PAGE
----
Japan, Germany and Italy fall in the first group, emphasising the risks, while Britain, the US, France and China are among the second group, emphasising the need to fight climate change and achieve energy security.
Germany, for one, will increase its use of coal and import electricity from France. Britain, by contrast, is pushing ahead with eight new nuclear plants, while the US approved two new reactors last month. France, where 74per cent of its electricity is generated by nuclear power, is improving protection for nuclear plants, with further investments pledged.
Whichever the choice, there is a trade-off. Fukushima has led to a reversal of nuclear energy development in some countries, but others have ratcheted up their efforts. Many have also undertaken reviews of their safety procedures.
Among them, China has already announced supplementary safety measures. The US looked at how their plants would deal with power losses or damage to large areas of a reactor site following extreme events, and concluded that all but a few reactors would be safe. In Britain, while the government has stressed that nuclear power was safer than it has ever been, it has also identified lessons learned from Fukushima.
Countries have also adopted different ways to finance their nuclear plants. Britain will rely on the private sector without government subsidy, while the US administration has offered conditional loan guarantees. In China, the development, expansion and financing of nuclear energy is tightly controlled by the authorities but minority ownership of nuclear plants is possible, such as with Daya Bay.
Irrespective of who owns the investment, in the event of a serious accident, compensation could be enormous and public resources would be involved, as Fukushima served to remind us.
The degree of public acceptance of nuclear power differs from country to country. Hence, in some places, public opposition will make it hard for both government and private investors to push ahead. Where reactors are sited also makes a difference - when proposed sites are on or near existing reactors, people may be more amenable to further development, as was the case with the two new reactors just approved in the US.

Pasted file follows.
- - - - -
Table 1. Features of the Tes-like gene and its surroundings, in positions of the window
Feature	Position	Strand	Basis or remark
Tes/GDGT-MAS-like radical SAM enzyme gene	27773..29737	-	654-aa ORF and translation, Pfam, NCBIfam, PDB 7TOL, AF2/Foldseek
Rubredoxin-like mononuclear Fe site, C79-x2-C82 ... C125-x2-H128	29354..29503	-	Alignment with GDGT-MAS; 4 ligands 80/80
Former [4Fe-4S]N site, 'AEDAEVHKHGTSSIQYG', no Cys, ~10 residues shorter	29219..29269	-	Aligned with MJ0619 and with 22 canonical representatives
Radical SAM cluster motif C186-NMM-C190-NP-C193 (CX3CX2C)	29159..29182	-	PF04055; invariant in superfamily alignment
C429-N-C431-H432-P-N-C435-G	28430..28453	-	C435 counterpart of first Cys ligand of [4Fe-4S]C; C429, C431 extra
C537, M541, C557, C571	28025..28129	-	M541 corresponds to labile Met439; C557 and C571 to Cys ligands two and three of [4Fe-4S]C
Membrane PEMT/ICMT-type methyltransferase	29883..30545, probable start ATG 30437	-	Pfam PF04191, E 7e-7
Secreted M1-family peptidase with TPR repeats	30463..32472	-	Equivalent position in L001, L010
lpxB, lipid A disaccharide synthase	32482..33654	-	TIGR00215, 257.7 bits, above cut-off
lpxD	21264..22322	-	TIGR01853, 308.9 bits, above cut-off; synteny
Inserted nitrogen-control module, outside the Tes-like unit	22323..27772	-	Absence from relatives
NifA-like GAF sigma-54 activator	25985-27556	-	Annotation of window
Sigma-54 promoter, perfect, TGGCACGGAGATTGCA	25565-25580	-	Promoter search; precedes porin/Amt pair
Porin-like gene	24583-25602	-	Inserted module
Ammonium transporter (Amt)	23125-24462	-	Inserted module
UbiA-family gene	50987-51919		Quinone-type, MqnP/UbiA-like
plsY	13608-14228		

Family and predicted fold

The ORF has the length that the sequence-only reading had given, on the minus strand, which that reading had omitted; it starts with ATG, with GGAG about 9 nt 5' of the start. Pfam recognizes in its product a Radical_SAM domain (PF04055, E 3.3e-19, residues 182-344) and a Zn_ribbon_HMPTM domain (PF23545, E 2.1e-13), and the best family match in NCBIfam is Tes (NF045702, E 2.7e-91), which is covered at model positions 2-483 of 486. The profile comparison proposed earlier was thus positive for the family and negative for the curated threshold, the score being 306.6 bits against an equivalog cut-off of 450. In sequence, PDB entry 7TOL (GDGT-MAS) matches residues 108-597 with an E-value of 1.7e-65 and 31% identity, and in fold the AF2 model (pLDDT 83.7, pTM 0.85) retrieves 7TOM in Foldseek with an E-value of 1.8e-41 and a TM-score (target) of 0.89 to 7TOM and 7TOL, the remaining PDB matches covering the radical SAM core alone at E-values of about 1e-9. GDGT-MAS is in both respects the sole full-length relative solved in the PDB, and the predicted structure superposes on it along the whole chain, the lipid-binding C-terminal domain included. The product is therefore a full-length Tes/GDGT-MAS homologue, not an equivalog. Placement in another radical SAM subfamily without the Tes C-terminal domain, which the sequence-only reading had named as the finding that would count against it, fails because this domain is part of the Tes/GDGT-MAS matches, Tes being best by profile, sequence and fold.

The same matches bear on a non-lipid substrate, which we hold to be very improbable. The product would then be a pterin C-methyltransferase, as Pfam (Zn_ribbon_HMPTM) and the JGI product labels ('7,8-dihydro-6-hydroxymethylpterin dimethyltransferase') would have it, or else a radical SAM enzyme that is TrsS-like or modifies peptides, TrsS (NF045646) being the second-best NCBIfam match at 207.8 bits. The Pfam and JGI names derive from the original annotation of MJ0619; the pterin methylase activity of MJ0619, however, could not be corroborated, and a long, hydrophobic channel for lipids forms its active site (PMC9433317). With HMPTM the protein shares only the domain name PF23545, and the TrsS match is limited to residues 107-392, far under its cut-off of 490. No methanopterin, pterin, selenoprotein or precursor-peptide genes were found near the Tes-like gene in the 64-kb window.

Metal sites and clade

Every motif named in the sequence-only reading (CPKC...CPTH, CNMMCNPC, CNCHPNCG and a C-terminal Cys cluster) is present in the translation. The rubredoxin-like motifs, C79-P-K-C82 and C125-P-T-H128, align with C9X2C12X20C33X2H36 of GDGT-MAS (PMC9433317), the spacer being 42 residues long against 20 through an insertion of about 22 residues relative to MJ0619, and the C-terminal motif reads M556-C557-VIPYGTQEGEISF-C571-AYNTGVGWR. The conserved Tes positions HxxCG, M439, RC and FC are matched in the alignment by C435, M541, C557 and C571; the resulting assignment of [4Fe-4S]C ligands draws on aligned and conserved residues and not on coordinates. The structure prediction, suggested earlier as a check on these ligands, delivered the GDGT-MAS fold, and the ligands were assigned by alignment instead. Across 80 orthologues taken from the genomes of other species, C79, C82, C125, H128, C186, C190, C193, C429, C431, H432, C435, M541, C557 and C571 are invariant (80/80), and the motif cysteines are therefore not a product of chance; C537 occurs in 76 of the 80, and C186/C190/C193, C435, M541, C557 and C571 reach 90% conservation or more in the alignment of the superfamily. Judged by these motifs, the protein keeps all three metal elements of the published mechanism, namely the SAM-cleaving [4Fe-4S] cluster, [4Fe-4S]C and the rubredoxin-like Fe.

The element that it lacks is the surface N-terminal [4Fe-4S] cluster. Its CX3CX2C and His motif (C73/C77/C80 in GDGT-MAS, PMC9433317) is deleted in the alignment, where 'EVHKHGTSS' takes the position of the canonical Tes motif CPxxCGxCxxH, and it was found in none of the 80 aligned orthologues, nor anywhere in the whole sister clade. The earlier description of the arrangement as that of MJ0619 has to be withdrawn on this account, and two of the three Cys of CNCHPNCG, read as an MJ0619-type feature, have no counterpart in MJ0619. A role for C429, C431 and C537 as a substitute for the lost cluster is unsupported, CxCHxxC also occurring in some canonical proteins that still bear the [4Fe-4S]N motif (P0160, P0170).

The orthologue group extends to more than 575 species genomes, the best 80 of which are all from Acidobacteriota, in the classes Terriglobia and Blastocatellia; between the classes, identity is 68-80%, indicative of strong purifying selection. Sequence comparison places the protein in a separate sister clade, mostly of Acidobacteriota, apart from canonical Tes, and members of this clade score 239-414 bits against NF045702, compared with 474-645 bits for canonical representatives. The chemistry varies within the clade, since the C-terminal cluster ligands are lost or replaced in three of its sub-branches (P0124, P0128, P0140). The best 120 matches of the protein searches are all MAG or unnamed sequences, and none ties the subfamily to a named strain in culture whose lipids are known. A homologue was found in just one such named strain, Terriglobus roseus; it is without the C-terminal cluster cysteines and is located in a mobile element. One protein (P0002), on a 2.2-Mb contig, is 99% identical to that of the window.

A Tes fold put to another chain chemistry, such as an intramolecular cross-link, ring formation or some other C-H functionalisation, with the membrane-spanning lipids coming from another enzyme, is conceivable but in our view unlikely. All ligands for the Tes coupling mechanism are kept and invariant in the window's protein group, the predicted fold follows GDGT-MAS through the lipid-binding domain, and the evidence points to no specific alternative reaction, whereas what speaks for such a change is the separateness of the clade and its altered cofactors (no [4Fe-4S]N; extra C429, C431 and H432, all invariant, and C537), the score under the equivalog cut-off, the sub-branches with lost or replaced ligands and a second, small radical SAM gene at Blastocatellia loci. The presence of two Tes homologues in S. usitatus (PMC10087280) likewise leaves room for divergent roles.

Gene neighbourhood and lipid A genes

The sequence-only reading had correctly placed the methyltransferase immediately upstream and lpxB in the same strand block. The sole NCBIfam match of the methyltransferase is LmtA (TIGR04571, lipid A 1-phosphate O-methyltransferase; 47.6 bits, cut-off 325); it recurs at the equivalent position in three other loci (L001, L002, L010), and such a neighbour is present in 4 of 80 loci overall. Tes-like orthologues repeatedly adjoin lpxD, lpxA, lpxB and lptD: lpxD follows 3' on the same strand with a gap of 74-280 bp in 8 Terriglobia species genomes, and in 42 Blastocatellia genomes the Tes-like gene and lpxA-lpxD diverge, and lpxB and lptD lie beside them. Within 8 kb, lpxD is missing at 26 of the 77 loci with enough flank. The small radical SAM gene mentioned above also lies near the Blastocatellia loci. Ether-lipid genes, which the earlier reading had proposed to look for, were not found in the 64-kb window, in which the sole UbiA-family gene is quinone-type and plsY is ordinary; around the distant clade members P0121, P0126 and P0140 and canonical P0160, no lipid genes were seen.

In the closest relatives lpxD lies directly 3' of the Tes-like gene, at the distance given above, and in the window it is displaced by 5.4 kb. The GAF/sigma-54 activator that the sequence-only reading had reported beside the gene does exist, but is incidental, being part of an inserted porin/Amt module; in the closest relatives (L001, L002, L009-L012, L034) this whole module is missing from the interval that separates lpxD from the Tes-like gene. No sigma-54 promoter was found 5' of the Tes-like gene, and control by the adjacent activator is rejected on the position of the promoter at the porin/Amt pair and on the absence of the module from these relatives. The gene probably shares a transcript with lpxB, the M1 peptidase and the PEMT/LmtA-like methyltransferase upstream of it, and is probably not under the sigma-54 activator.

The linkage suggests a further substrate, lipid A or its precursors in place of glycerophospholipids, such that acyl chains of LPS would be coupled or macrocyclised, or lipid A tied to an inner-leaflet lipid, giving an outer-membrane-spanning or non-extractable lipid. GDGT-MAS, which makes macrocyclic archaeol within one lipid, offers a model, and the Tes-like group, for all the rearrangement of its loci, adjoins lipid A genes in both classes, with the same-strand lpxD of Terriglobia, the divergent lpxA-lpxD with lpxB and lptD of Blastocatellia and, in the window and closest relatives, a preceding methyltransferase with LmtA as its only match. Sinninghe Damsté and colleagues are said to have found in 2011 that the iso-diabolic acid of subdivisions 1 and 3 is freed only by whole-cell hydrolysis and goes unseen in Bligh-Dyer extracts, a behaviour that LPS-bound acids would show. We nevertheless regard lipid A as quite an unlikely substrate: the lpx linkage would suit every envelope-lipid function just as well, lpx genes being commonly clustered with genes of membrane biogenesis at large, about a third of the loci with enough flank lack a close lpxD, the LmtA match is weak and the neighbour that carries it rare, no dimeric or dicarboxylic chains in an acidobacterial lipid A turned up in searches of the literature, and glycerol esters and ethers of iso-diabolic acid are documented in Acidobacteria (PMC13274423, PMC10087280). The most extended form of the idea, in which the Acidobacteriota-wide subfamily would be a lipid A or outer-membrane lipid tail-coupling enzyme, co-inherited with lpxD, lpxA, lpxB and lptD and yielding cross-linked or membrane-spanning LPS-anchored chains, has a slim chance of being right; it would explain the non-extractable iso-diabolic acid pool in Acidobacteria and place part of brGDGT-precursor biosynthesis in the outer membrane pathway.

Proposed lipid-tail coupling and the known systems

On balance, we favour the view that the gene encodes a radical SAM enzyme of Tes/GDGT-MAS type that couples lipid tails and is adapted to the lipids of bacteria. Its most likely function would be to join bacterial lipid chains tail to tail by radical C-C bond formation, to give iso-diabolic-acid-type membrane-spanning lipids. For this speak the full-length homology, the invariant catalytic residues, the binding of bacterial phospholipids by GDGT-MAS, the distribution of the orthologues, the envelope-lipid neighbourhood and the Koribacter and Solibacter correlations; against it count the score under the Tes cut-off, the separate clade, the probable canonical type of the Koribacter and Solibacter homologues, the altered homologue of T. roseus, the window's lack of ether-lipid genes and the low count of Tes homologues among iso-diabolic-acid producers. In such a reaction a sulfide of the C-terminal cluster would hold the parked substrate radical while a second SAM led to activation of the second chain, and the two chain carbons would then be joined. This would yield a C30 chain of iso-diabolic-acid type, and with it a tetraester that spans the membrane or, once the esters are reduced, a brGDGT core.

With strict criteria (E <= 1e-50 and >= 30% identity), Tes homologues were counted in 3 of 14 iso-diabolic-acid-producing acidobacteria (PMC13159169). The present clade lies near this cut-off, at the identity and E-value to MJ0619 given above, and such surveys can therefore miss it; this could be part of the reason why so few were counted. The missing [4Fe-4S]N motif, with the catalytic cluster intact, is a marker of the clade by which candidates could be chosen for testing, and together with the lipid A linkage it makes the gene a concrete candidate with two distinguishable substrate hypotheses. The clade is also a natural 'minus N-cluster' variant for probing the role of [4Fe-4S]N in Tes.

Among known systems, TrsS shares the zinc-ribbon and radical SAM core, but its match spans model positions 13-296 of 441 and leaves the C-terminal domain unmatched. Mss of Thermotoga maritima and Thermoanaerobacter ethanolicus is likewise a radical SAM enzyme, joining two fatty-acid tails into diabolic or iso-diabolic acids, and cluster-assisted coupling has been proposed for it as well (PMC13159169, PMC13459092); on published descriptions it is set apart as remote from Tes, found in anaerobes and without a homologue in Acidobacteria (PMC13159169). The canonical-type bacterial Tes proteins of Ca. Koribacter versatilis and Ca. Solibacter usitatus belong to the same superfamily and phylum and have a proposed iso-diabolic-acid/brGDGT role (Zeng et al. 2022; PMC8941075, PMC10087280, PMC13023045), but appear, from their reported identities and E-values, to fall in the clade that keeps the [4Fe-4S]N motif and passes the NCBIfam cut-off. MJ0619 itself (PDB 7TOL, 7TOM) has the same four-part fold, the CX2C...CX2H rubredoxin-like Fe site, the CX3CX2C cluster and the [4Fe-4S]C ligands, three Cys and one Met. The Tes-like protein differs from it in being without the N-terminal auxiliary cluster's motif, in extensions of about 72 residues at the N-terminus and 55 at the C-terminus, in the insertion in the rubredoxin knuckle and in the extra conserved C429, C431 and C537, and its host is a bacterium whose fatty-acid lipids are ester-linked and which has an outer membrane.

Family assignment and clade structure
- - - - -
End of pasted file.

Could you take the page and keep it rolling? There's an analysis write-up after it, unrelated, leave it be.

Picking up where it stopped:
Hong Kong cannot avoid taking a position on nuclear energy because it is already a major nuclear user, although this fact is not appreciated by many people. The government and public must take an interest because the outcome affects the city's energy future. This requires some understanding of energy issues and a basic literacy in nuclear issues.
Given that neighbouring Guangdong already has several nuclear reactors and is building more, Hong Kong should pay attention to nuclear safety and governance issues, irrespective of whether it imports nuclear power from the province.
At a minimum, Hong Kong should increase its understanding of not only the basic features of nuclear power operation and its many mandatory safety systems, but also significant safety issues such as accident prevention, mitigation and evacuation procedures.
At the same time, Hong Kong should explore how it could play a constructive role vis-a-vis China's oversight and development of nuclear power.
These are vital issues the next Hong Kong administration, and legislature to be elected in September, must get to grips with.
Christine Loh Kung-wai is chief executive of the think tank Civic Exchange, which has a longer report on the subject. firstname.lastname@example.org